What you want to do is don’t be creative at first. Go find an application that already exists that’s fairly simple that’s close to what you want to do and just duplicate that functionality. I think I did a video on game development where I told you go and create pong and then go and create Tetris or Pac-man or something like that, just copy the stuff so that you don’t have to come up with how something works. You can basically just do—reimplement that thing and that’s going to be a lot easier for you to do. That’s a good transition.

You start off and you do an example code and you’re following along and you’re writing that example and you understand that. Then you go and you find some project, some simple application that you’re just going to duplicate the functionality so you already have a guideline of what you need to create. That’s the next task from there is now can you do this. It doesn’t require you to think about how functions and features should work and how the user interface should look, you’re just focusing on creating what already exists out there.

Then the third thing that you do is then you move on to creating your own project. Then you’ll have the ability to do that and you’ll be able to create—be creative and come up with what you actually want to build for an application and you’ll have that experience. The progression for that also is that you look at some progressively harder and more difficult things to create. Maybe first you start off with a classic to-do list app and you just duplicate the functionality of that to-do list app and then maybe you move on to a more complicated app.

I did this video on how to learn complex programming topics which you can check out here. In that one I talk about creating a duplicate Gmail app. That’s a good way to accelerate your learning would be—if you wanted to learn specifically web development is to take something that already exists and figure out how to implement that and that will be your goal is to create that app. That’s the general progression. There’s definitely a problem here where you get into this stage where you can write the initial code and you can follow examples but you can’t create your own applications, so in between there you want to create applications that other people have already created. You’re just going to duplicate the functionality and that’s going to give you that training. It’s sort of giving you some guiderails before you go out totally on your own because you don’t want to tackle the problem of trying to think about user interfaces and how the application should work and the functionality. That’s going to stall you out and that’s not really helping your programming ability. It’s a different ability. Don’t try and do both of those things at the same time.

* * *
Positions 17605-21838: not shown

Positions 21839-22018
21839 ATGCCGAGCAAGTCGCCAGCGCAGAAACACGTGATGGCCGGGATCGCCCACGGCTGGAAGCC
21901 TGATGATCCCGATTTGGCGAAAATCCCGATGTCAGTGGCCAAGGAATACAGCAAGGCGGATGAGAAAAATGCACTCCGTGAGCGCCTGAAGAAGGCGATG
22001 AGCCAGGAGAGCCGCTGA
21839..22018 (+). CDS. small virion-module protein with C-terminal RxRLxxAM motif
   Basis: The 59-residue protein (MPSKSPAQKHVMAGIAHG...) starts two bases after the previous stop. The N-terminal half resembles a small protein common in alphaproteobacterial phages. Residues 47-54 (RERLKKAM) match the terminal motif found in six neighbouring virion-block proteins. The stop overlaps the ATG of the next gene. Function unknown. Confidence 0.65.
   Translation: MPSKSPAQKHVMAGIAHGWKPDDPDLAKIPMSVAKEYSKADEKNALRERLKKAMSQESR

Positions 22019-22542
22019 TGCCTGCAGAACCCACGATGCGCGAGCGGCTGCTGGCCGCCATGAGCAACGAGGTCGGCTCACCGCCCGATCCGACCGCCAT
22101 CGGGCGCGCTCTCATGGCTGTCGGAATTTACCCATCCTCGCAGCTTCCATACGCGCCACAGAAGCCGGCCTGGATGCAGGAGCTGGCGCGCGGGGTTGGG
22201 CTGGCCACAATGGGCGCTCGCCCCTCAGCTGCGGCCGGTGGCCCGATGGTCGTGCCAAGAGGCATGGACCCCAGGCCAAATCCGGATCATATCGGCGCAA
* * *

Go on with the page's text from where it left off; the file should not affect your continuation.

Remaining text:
Anyway, great question. If you’ve got a question for me, you can always email at john@simpleprogrammer.com. I have a request for you, if you haven’t already, click that subscribe button below to subscribe to the channel. If you have already subscribed a like is always appreciated, a thumbs up there. I’ll talk to you next time. Take care.

About the author

John Sonmez

John Sonmez is the founder of Simple Programmer and a life coach for software developers. He is the best selling author of the book "Soft Skills: The Software Developer's Life Manual."